The airline and food service industries are just two of the industries that have been tested due to the COVID-19 pandemic. The retail industry ground to a halt as stores were forced to close to protect public health. The global entertainment industry has ceased as movie theaters shut their doors and movie studios shut down film and television production. Professional sports leagues around the world stopped, many mid-season, and the International Olympic Committee made the decision to postpone the planned 2020 Summer Olympics in Tokyo. As people were staying home and fearful of the close confines of airline travel, airlines were forced to dramatically reduce flights, which caused global tourism and the countless support services to become virtually nonexistent.[xiv]
As corporations and industries around the world worried about uncertain futures, the supply chain within the U.S. was surprisingly exposed by a huge demand for toilet paper, as people feared lockdown orders would cut off their access to this commodity. This was particularly interesting because COVID-19 is a respiratory illness that affects the lungs, chest, and lower respiratory system. Like other coronaviruses, the most common symptoms of COVID-19 are fever and dry cough and other, less common, symptoms include shortness of breath, rapid breathing, or chest pain;[xv] none of which require toilet paper. Even as scientists were learning more about the effects of COVID-19, intestinal issues were never among the symptoms during the hoarding.[xvi] And yet in mid-March 2020, as the number of COVID-19 cases in U.S. continued to increase, and the threat of lockdowns started to become more real, there was a run on toilet paper.
As Americans began stocking their cupboards and pantries to prepare for whatever lockdowns their states were planning to establish, they bought toilet paper in record quantities. In fact, on March 12, 2020, the day before President Trump officially declared a national emergency,[xvii] toilet paper sales in the United States were 734 percent higher than the same day the previous year.[xviii] Some people weren’t concerned by the impending emergency; a Wall Street Journal editorial from March 22, 2020, scoffed at the idea that the United States was running out of toilet paper. However, by March 23, 2020, only 10 days after the president’s emergency declaration, toilet paper was completely out of stock at 70 percent of U.S. grocery stores, including online retailers.[xix] To a certain extent, it makes sense that people anticipated a higher need for home toilet paper because lockdowns meant more people would be at home more. Expectations were a 40 percent increase, but the U.S. population bought excessively more than they needed. During the nine-week period leading up to May 2, 2020, the U.S. population bought 71 percent more toilet paper than they had during the same period the previous year.[xx] This extreme uptick forced manufacturers into overdrive and yet Amazon (just one of the retailers attempting to deal with this problem) was left months behind on orders of toilet paper.[xxi] A couple of months into the pandemic, as the toilet paper supply chain struggled to right itself, another, potentially far more dangerous, supply-chain issue was starting to emerge.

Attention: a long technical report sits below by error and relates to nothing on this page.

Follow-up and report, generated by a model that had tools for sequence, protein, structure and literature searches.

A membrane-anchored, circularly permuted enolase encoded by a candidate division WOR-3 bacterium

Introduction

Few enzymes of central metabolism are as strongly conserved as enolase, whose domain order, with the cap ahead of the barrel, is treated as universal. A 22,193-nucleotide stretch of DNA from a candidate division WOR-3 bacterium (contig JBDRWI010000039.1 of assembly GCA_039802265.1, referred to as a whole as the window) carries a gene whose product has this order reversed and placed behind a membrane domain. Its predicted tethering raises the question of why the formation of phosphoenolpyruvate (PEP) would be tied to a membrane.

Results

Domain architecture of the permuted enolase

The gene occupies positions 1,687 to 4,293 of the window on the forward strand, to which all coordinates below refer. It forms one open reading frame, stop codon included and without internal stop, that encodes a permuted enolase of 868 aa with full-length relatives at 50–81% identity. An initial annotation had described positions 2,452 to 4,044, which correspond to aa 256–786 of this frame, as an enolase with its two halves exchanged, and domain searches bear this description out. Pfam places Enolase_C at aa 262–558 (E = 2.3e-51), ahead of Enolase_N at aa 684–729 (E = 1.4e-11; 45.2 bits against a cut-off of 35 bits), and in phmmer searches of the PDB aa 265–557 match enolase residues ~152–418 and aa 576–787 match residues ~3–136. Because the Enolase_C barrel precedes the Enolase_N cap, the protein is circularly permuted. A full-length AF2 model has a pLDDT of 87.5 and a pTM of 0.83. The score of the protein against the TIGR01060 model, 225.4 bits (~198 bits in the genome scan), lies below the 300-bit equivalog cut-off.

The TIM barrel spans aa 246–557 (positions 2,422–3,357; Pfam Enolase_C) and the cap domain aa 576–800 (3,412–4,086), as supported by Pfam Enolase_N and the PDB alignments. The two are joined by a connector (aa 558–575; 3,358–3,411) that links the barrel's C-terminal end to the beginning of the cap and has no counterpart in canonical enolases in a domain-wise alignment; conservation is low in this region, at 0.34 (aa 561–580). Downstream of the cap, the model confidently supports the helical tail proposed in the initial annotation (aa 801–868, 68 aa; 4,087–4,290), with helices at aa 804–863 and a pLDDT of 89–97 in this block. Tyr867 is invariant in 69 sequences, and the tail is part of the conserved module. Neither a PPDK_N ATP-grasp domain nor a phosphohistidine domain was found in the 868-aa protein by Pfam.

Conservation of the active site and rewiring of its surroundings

By mid-March 2020, many companies around the world that had the ability to allow workers to work from home began to do so. Tech companies such as Apple led the way in allowing workers to work from home. Nearly a week before the U.S. president announced the national emergency, Apple’s leadership decided to transition most of its worldwide retail operations to online sales, and most of its worldwide office employees to begin working from home.[xxii] That strategy was fine for industries whose missions could be executed by employees working from home, but many industries didn’t have that ability.
For most consumers, grocery stores had to remain open to supply basic daily necessities. In order for those grocery stores to remain open, food processing facilities had to continue operations in order to keep grocery shelves stocked. On April 27, 2020, John H. Tyson, president of Tyson Foods, one of the largest suppliers of processed chicken and pork in the United States, took out an unprecedented full-page advertisement in The Washington Post. In the advertisement, Tyson wrote, “The food supply chain is breaking. We have a responsibility to feed our country. It is as essential as healthcare. This is a challenge that should not be ignored. Our plants must remain operational so that we can supply food to our families in America. This is a delicate balance because Tyson Foods places team member safety as our top priority.”[xxiii] For many who had been paying attention, Tyson’s declaration became an admission of something they feared had been coming. Between March and the publishing of Tyson’s letter, at least 13 food processing plants belonging to Tyson, Smithfield Foods, and others across the U.S. were closed as a result of workers testing positive for COVID-19.[xxiv] By June 9, 2020, 62 meat processing facilities across the U.S. had to either temporarily close or limit their operating capacity (although six had reopened) as a result of COVID-19.[xxv] Although these 62 facilities only represent a fraction[xxvi] of the processing plants in the United States, the problem Tyson warned about in his letter from mid-April started to become more clear.